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Pearl of the Ancient Silk Road

CHINA TODAY,September 04, 2017 Adjust font size:

New Northern Branch of the Ancient Silk Road

Urumqi is Mongolian for“beautiful pasture.” More than 2,000 years ago, the city was a point of strategic importance on the ancient Silk Road on account of its various passageways connecting ancient China with the West. The Silk Road thus constituted not just one but various paths, trodden throughout different historical periods.

One such trail started from the northern slopes of the Kunlun Mountains and led to today’s Iran, and on to the Indian Ocean. It is regarded as the southern branch of the road.

The Tianshan Mountains naturally divide the vast Xinjiang region into two parts.

Another started from the south side of the Tianshan Mountains and crossed the Pamirs to Central Asia and the Persian Gulf. This was the northern branch. Both are on the southern side of Tianshan Mountains. The third path was formed north of Tianshan Mountains during the Western Han Dynasty (202 BC - AD8). It led to various Mediterranean countries, and also became known as the northern branch. Consequently the original northern branch was renamed the central branch.

The section of the northern branch in Xin- jiang was called the new northern branch. It started in Kumul and led via Barkol Lake to Jimusar, Urumqi, Ili, and then westward. The prosperity of the new northern branch was due to its strategic military position. The ruins discovered on the south side of the Wulabo Reservoir in the southeastern suburbs of Urumqi are those of a city that held a key position in military operations in today’s Luntai County, original location of the Protectorate of the Western Regions.

The Tianshan Mountains divide this vast region of Xinjiang into two parts. Prior to the Tang Dynasty (618-907), the central government’s administration and cognition focused on south Xinjiang for many years. As an important supplement to the existing two branches, the new northern branch opened up Xinjiang’s northern inland, so gradually making it a crucial commercial hub that linked oriental culture with that of the civilizations of India and Persia, and also a strategic region throughout history.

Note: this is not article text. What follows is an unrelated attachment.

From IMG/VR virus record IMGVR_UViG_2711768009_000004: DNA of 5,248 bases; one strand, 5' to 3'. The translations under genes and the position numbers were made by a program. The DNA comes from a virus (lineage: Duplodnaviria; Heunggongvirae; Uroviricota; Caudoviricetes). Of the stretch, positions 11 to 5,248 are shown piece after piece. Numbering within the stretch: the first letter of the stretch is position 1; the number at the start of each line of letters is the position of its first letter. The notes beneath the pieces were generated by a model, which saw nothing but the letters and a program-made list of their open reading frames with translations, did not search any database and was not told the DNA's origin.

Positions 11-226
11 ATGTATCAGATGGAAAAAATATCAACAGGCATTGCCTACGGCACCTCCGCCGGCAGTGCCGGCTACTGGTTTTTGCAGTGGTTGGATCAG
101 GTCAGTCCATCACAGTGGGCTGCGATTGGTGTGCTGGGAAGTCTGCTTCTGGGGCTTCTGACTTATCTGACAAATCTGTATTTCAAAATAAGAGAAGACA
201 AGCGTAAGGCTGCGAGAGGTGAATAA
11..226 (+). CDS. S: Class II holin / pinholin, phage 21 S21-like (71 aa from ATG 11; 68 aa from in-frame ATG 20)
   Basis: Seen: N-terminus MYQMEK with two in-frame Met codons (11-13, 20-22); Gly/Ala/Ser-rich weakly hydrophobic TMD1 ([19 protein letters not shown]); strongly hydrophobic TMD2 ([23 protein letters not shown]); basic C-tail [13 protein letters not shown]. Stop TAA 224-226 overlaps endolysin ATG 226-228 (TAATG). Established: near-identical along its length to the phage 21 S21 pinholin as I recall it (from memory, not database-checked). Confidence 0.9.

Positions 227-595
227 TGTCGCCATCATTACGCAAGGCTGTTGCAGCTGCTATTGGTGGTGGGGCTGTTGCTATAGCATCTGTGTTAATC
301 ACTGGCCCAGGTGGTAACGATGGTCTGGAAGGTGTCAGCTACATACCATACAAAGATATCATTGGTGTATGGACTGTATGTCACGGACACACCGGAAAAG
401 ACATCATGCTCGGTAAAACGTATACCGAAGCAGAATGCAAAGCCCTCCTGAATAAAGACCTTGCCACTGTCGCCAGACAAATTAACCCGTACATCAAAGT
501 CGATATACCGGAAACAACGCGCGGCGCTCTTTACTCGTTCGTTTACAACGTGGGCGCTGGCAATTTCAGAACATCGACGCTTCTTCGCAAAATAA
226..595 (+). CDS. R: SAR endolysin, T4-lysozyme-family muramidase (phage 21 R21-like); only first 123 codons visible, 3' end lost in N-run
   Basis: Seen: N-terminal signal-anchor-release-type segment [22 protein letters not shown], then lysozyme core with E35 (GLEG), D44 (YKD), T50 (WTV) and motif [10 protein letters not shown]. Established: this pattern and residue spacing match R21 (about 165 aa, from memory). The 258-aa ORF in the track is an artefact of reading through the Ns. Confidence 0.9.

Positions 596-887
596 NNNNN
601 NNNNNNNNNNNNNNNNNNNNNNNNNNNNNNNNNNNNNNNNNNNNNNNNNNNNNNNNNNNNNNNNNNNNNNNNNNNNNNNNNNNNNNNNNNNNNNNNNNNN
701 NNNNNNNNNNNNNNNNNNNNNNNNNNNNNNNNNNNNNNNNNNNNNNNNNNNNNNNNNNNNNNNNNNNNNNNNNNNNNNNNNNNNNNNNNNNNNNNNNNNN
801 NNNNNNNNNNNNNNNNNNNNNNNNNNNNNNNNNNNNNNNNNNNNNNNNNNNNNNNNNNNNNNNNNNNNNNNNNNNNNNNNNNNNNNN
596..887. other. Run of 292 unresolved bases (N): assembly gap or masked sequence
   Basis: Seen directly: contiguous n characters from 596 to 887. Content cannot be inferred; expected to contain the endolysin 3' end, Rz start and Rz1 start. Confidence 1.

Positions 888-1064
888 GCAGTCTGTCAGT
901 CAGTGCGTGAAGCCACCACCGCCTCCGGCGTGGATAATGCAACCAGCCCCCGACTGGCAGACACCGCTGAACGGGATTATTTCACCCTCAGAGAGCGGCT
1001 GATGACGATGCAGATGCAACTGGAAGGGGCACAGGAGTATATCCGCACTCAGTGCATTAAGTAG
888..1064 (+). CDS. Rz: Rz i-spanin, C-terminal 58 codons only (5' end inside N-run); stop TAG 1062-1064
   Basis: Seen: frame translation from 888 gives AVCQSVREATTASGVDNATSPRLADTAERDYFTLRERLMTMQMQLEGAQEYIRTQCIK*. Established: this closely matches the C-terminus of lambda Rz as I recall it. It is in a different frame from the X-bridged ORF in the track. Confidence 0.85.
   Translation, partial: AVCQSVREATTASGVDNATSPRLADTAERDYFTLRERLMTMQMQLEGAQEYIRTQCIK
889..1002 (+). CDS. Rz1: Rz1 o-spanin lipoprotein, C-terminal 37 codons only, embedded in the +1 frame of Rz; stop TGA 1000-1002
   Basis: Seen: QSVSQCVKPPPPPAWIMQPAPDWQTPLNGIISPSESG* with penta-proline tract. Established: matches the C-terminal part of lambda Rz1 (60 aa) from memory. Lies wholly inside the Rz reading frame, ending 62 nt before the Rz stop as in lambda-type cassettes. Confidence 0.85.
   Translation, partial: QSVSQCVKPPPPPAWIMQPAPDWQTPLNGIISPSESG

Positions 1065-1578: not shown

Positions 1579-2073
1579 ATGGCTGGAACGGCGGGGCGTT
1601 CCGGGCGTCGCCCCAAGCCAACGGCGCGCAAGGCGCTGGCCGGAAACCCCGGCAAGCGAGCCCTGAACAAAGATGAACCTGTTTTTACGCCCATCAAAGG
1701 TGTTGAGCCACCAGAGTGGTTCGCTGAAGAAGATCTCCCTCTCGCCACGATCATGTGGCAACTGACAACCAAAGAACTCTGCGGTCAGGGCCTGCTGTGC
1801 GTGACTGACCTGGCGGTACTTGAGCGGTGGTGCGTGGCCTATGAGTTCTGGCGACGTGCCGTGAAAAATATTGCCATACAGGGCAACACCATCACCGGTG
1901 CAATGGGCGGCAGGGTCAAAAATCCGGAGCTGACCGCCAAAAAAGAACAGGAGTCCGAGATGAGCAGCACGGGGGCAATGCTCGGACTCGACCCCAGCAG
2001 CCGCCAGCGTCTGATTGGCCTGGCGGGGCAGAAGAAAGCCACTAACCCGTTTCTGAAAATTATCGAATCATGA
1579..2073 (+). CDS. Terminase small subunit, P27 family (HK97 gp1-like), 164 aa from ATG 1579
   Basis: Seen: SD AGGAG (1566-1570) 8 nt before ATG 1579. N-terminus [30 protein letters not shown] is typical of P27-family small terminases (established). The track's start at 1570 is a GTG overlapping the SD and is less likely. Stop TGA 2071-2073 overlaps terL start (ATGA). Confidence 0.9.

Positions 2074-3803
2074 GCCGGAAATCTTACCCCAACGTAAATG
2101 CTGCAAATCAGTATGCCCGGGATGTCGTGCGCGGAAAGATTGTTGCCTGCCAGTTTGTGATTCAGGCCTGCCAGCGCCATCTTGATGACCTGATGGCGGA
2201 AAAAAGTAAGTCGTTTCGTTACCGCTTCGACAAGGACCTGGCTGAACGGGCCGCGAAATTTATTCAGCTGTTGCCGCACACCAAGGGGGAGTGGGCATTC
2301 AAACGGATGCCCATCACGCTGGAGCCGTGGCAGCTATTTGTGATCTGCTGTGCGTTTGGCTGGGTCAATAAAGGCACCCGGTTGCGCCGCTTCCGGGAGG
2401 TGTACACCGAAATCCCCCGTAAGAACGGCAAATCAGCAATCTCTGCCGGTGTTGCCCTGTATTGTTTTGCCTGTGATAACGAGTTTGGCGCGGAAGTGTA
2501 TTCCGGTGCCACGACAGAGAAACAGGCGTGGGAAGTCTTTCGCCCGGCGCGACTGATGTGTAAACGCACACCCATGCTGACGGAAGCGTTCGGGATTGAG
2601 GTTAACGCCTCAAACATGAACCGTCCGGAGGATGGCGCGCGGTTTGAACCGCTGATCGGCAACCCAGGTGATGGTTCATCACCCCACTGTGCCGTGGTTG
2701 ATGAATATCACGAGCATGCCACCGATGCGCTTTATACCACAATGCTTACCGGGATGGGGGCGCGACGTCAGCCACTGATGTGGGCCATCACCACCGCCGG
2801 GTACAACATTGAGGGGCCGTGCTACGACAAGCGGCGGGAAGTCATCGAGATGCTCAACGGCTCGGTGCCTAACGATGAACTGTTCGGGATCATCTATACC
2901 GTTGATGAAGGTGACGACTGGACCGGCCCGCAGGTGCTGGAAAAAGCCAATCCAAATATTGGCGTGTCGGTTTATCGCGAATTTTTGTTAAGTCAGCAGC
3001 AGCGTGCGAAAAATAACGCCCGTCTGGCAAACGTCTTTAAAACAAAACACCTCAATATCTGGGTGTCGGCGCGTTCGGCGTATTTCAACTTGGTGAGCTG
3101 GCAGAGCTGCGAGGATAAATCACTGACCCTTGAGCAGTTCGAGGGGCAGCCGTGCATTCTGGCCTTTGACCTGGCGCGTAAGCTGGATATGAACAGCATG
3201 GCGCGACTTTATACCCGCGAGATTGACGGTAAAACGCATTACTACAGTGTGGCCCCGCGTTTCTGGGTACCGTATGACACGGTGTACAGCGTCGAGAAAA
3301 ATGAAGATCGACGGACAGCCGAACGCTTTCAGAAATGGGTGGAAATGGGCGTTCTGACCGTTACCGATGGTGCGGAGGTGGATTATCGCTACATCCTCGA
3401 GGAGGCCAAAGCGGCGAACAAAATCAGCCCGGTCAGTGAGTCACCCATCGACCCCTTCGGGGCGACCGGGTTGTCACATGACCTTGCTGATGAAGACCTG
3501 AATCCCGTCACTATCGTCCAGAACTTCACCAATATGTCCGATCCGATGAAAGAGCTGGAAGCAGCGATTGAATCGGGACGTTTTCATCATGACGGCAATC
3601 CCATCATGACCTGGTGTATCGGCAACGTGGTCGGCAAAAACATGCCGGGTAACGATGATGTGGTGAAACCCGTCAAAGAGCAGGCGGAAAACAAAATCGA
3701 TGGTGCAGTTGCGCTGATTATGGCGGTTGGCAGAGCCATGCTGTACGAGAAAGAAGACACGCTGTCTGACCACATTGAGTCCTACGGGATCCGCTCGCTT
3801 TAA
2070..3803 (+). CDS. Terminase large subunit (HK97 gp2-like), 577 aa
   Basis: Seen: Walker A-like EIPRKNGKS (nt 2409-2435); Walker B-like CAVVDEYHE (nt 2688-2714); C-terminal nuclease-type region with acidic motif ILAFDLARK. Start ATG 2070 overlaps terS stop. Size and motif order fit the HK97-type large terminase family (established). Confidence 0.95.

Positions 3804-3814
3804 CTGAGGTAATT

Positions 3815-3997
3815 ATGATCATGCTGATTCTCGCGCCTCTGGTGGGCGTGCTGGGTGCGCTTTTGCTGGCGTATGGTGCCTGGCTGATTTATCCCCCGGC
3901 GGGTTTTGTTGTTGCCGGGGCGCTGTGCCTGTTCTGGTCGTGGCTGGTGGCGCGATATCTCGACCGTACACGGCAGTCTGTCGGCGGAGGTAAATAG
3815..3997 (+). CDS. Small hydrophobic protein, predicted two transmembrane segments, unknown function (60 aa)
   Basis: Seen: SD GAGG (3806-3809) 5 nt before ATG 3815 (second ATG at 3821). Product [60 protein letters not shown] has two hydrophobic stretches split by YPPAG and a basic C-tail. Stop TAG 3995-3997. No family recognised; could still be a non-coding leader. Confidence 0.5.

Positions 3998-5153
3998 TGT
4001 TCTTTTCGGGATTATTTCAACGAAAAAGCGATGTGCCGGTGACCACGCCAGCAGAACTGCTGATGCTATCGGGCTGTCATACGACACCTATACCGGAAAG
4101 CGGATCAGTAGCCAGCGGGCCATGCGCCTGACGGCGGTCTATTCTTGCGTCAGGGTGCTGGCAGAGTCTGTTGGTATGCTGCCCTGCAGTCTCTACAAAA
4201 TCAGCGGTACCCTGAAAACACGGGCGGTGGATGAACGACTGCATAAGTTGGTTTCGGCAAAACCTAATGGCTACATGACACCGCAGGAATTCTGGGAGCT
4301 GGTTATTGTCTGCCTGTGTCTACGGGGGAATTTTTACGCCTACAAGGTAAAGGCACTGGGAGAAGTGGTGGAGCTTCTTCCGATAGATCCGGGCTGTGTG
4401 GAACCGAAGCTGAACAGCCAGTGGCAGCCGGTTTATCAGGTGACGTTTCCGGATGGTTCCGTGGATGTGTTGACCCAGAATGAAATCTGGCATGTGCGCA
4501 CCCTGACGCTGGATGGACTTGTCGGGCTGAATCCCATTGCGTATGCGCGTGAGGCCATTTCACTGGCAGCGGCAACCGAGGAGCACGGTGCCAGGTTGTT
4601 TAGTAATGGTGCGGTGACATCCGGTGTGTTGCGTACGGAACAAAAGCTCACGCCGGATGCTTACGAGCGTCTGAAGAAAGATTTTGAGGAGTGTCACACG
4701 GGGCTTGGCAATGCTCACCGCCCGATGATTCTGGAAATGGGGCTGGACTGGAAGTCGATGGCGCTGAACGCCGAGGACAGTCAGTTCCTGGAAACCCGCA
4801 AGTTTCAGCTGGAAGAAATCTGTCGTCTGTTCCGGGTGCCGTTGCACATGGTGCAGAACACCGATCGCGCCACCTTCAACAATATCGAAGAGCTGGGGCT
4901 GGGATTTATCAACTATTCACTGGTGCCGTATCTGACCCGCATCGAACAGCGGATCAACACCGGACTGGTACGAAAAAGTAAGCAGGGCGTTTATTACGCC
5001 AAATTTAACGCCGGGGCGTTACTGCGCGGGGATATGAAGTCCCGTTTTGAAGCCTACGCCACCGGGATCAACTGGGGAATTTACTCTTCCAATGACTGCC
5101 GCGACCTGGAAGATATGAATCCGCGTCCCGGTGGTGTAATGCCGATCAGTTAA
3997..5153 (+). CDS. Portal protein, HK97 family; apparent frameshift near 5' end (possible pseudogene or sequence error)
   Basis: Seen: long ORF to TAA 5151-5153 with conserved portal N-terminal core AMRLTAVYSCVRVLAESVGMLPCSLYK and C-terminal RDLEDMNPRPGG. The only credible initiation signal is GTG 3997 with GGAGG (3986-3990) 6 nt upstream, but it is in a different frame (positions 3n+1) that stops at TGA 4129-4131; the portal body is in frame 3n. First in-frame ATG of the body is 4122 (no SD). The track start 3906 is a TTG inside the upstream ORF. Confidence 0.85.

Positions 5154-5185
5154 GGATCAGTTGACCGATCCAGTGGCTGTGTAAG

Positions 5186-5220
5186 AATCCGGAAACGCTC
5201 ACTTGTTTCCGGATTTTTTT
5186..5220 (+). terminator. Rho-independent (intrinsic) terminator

A lamb-catching contest is part of the local folk festival.

Established during the reign of Emperor Taizong (598-649) of the Tang Dynasty, Anxi Protectorate had jurisdiction over both north and south Xinjiang, and connected with Persia in the west. Beiting Protectorate was established during the reign of Tang Empress Wu Zetian (624-705). It governed the extensive nomadic areas between the northern Tianshan Mountain and Balkhash Lake in the south, and maintained the solidarity of the Western Regions and safety of Silk Road for some considerable period. A province was established there during the Yuan Dynasty (1271-1368) to strengthen military control over Central Asia.

As a heavily guarded fortress in earlier dynasties, Urumqi was not well developed. Through till 1755 it was little more than a garrison for troops sent by the Qing government to pacify civil strife in Junggar. Large-scale exploitation, in the forms of agriculture, commerce and manufacture, took place for purposes of expanding the population and establishing commercial trade. The ultimate aim was to make Urumqi a city of prosperity and abundance.

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